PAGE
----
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USPTO Competition to Boost Patents for Humanitarian Goals

USPTO building (USPTO.gov)

(USPTO.gov)

The U.S. Patent and Trademark Office (USPTO) today unveiled a competition to encourage inventors to share their patented technologies to address humanitarian needs. Winning inventors will receive a faster review of their applications for patents on future inventions.

The program, called Patents for Humanity, is officially a pilot program to help address an Obama administration priority of meeting global development needs by rewarding companies that bring needed technologies to underserved regions of the world. The initiative also can highlight positive examples of humanitarian actions that are compatible with business interests and patent rights.

Patents for Humanity will be run as a challenge, where applicants show how they have adapted their patented technology to meet public health or quality of life issues faced by populations in need or at risk. Participants will send in applications describing how they’ve used their patented technology or products to address humanitarian challenges. Entries may be submitted between 1 March and 31 August 2012.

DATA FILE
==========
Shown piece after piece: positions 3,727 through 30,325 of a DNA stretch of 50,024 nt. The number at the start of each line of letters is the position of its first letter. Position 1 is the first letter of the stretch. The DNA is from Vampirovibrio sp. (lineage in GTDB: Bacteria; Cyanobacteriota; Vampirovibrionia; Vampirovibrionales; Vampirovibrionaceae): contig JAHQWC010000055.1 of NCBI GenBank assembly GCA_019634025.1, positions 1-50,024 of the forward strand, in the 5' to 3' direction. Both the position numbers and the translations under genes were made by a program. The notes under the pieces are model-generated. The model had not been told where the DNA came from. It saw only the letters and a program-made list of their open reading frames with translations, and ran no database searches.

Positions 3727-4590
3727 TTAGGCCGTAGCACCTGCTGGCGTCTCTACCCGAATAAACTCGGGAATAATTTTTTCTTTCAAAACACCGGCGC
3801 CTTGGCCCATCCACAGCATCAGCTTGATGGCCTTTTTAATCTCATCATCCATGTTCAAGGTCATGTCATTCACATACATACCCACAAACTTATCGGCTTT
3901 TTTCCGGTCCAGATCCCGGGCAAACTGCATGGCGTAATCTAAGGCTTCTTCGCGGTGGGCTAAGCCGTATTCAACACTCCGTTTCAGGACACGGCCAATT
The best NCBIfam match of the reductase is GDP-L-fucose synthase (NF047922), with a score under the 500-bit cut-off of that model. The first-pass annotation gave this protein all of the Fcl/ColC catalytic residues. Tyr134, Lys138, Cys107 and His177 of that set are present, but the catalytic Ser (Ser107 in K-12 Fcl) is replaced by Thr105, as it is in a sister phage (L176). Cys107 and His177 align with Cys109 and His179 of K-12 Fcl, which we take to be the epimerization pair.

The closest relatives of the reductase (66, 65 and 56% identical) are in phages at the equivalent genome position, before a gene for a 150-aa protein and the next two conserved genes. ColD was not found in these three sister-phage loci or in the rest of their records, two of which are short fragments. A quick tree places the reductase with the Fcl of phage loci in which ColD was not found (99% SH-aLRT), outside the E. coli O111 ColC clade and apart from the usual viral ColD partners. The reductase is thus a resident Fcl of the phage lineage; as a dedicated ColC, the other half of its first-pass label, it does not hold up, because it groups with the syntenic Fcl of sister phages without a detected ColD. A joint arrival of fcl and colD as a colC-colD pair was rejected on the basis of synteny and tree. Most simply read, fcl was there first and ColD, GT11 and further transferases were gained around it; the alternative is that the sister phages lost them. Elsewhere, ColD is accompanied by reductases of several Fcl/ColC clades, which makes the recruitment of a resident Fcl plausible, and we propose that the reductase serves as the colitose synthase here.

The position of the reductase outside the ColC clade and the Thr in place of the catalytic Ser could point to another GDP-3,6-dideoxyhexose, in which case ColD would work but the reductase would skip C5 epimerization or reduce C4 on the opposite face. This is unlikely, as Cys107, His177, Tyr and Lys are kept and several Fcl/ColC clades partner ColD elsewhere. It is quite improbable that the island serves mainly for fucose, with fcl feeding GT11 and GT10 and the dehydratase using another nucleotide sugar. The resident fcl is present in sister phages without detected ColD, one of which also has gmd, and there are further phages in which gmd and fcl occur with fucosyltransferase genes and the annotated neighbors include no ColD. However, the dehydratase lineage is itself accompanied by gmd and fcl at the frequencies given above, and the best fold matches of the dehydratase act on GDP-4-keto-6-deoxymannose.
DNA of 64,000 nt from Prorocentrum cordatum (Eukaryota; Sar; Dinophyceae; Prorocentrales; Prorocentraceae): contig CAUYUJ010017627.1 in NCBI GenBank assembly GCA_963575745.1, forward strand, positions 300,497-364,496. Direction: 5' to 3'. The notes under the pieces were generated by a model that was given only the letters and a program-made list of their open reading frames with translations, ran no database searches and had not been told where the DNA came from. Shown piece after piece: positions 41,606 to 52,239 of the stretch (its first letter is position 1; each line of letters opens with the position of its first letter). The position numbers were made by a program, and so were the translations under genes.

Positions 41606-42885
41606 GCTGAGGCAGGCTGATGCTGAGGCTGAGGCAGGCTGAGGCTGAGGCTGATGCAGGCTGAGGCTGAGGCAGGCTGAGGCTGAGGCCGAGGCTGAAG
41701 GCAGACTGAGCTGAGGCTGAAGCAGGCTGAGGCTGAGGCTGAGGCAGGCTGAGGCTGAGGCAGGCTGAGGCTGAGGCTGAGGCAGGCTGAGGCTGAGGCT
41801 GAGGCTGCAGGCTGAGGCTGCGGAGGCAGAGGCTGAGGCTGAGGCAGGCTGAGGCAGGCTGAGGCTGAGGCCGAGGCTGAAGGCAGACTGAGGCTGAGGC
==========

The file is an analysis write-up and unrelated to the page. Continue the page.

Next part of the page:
Judges selected from academia will evaluate applications in four categories: medical, food and nutrition, clean technology, and information technology. Technologies for consideration should confront global development issues such as life-saving medical diagnostic equipment, water sterilization devices, mosquito control, and land mine detection.

Up to 50 winners will be chosen in the first year of the challenge. Winning entries will receive a certificate that awardees can use to:

– Move a patent re-examination proceeding to the front of the queue

– Move a patent appeal case in front of the Board of Patent Appeals and Interferences to the front of the queue, or

– Accelerate the examination of a patent to ensure a final decision on the application within 12 months.

Certificates can be used only for inventions not related to the subject of the humanitarian program application.

Hat tip: IPWatchdog

Read more: USPTO Gives Details of New Expedited Review Process

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